A Syrian man receiving treatment, in Arbeen town, Damascus, Syria, on Aug. 21, 2013 (AP)
DAMASCUS, Syria (USA Today) -- Government forces loyal to President Bashar al-Assad have carried out a "poisonous gas" attack near the capital Damascus that has left hundreds dead, Syrian opposition groups claimed Wednesday.
Anti-regime activists are saying that regime forces fired "rockets with poisonous gas heads" in the attack. The number of reported deaths has ranged from 100 to close to 800. The claims and reports could not be independently confirmed.
The Syrian government said there was no truth to the allegations "whatsoever" that chemical weapons were used.
"They are an attempt to divert the United Nations commission on chemical weapons from carrying out its mission," the state-run SANA news agency said.
UN chemical weapons inspectors are in Syria this week to investigate claims that chemical weapons have been used there by both sides in a bloody and protracted civil war.
The Britain-based Syrian Observatory for Human Rights says the shelling was intense and hit the eastern suburbs of Zamalka, Arbeen and Ein Tarma. Rami Abdul-Rahman from the SOHR says he has documented at least 100 deaths from Wednesday's attack. He says it's not clear whether the victims died from shelling or toxic gas attacks.
The Local Coordination Committees said hundreds of people, perhaps as many as 775, were killed or injured in the shelling. Such different figures are common in the immediate aftermaths of attacks in Syria.
Videos and images that appeared to show victims with symptoms consistent with a chemical attack surfaced online Wednesday, although their veracity could not be immediately confirmed.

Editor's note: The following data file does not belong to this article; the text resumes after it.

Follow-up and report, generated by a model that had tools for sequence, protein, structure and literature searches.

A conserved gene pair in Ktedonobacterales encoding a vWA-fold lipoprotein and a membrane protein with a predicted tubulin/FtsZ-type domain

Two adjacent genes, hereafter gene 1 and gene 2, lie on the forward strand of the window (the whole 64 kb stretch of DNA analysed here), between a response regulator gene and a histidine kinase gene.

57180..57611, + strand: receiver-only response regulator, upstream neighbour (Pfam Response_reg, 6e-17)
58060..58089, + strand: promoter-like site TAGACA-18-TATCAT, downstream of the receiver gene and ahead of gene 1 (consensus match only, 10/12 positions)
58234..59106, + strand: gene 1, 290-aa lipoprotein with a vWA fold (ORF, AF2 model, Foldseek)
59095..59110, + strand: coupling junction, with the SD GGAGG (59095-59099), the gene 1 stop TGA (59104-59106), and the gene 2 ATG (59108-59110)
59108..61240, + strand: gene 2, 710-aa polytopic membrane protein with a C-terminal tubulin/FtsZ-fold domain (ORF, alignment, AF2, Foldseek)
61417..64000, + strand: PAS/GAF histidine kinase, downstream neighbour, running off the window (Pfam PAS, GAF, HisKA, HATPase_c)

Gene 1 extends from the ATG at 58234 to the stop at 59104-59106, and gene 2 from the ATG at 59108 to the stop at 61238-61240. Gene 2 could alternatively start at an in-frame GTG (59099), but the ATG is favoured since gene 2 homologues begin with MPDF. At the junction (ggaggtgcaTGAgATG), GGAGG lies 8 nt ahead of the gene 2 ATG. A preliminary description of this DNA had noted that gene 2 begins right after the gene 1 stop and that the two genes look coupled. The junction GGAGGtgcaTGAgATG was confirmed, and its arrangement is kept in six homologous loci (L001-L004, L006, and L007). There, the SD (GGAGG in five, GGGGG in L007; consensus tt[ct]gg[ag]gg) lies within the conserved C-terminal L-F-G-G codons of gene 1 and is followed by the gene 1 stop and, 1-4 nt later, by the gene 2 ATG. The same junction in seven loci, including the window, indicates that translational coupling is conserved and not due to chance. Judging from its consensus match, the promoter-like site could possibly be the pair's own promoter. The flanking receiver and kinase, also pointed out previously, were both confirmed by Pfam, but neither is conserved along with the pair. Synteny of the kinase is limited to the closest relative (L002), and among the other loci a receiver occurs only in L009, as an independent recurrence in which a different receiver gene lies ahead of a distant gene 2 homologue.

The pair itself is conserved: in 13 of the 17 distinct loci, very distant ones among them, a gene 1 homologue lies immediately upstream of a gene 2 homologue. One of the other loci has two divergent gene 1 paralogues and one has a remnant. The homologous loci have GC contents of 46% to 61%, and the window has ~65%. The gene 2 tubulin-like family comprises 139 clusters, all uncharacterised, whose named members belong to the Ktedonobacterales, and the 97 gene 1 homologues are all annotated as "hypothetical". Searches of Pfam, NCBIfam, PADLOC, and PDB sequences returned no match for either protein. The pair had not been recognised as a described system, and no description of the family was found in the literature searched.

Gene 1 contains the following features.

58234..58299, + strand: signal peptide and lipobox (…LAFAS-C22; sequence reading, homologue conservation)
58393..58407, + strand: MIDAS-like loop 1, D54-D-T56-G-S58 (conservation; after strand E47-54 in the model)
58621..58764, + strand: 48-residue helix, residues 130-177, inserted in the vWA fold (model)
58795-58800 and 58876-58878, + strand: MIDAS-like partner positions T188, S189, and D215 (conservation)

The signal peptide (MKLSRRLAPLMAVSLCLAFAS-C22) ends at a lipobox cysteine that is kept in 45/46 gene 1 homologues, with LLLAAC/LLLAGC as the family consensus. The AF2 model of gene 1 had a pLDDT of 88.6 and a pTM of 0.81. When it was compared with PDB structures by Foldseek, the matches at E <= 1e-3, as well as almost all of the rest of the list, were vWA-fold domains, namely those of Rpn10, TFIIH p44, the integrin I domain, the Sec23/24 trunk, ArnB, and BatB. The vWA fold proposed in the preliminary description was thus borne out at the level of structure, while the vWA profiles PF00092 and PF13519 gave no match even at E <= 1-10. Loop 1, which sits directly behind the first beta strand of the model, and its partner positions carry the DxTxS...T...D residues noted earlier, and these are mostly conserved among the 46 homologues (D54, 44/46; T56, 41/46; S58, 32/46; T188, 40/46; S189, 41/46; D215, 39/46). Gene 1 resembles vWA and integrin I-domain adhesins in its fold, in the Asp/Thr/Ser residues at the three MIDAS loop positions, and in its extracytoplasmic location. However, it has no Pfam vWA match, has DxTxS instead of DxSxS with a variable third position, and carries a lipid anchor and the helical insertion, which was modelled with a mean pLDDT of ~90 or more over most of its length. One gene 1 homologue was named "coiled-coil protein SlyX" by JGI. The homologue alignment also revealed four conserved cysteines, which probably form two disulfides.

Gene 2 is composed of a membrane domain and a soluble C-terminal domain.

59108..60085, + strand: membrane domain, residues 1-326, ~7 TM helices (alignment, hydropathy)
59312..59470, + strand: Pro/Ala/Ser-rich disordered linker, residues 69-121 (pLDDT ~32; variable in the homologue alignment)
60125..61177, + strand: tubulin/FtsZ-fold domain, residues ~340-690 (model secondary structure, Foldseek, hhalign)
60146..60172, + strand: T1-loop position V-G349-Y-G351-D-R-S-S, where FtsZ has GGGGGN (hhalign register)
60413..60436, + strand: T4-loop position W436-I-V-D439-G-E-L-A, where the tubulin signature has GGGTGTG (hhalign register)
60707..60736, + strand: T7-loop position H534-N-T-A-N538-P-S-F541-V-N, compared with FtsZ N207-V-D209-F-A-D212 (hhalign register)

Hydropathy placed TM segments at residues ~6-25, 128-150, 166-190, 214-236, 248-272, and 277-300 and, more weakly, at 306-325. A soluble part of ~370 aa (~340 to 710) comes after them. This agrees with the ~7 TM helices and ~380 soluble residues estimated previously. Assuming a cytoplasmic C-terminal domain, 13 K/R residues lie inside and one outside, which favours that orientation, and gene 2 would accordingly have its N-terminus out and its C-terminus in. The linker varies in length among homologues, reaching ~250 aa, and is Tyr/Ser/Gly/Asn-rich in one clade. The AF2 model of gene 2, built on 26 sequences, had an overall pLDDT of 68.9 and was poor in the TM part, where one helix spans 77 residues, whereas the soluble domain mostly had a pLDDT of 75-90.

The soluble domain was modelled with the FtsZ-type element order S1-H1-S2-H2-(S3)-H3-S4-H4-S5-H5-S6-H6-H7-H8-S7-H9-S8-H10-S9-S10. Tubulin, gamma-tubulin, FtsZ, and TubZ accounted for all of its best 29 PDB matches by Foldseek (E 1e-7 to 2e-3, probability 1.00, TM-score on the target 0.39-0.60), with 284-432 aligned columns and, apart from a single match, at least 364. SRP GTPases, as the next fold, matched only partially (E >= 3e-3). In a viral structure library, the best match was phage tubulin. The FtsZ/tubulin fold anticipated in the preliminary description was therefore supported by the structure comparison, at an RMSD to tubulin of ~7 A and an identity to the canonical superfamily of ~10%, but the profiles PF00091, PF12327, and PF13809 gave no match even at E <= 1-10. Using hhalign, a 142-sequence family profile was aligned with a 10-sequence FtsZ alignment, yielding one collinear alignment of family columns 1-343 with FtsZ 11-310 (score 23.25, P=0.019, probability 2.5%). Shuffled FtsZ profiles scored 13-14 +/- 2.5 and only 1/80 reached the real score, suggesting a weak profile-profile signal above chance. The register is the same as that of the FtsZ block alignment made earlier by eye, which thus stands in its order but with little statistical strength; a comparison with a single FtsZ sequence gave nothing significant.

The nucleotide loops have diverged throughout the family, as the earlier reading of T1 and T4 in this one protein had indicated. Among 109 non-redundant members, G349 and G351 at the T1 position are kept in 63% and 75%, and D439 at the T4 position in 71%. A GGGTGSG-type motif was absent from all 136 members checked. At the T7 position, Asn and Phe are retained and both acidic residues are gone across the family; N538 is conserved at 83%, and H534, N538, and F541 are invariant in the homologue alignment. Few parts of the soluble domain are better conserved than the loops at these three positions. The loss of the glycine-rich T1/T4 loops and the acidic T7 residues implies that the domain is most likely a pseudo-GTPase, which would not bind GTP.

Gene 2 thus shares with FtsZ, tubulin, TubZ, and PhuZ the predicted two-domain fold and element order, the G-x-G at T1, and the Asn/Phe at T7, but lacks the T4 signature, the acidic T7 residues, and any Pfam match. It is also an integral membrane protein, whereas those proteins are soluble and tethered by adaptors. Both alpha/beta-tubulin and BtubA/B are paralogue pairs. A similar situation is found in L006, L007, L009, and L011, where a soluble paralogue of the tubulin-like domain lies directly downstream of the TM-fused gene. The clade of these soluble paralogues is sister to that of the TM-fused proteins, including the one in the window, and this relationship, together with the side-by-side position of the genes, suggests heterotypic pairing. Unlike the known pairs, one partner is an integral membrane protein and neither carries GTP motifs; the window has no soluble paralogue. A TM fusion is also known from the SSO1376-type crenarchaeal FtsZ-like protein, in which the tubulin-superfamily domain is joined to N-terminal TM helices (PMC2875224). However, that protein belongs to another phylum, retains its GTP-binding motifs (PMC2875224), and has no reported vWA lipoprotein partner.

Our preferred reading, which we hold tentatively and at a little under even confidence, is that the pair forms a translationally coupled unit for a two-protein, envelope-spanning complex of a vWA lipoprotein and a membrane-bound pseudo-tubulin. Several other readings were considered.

The Syrian government has long denied claims by the opposition on chemical weapons use, saying rebels fighting to overthrow Assad's government have used such weapons.
Wednesday's claim of the chemical attack, if confirmed, would be the most serious since the March 19 incident in Khan al-Assal when at least 30 people were killed. Assad's regime and the rebels have blamed each other for that attack.
Unrest in Syria began in March 2011 and later exploded into a civil war. More than 100,000 people have been killed in the conflict.
Britain's Foreign Secretary William Hague was among the first international leaders Wednesday to comment on the reports, saying he was "deeply concerned" by the allegations. The United Kingdom will raise the alleged attack with the U.N. Security. Council.
"It is clear that if they (the reports) are verified, it would mark a shocking escalation in the use of chemical weapons in Syria," Hague said.
He called on the Syrian government to allow immediate access to the area for the U.N. team currently in Syria.
France has asked the U.N. delegation to visit the site of the alleged attacks.
That request would seem to fulfill the U.N. requirement that a member state make a formal request before such action can occur. Syria would also need to agree to the request. It was not immediately clear whether that would happen.
Syria's ambassador to Russia dismissed the allegations, Russia's Interfax news agency reported.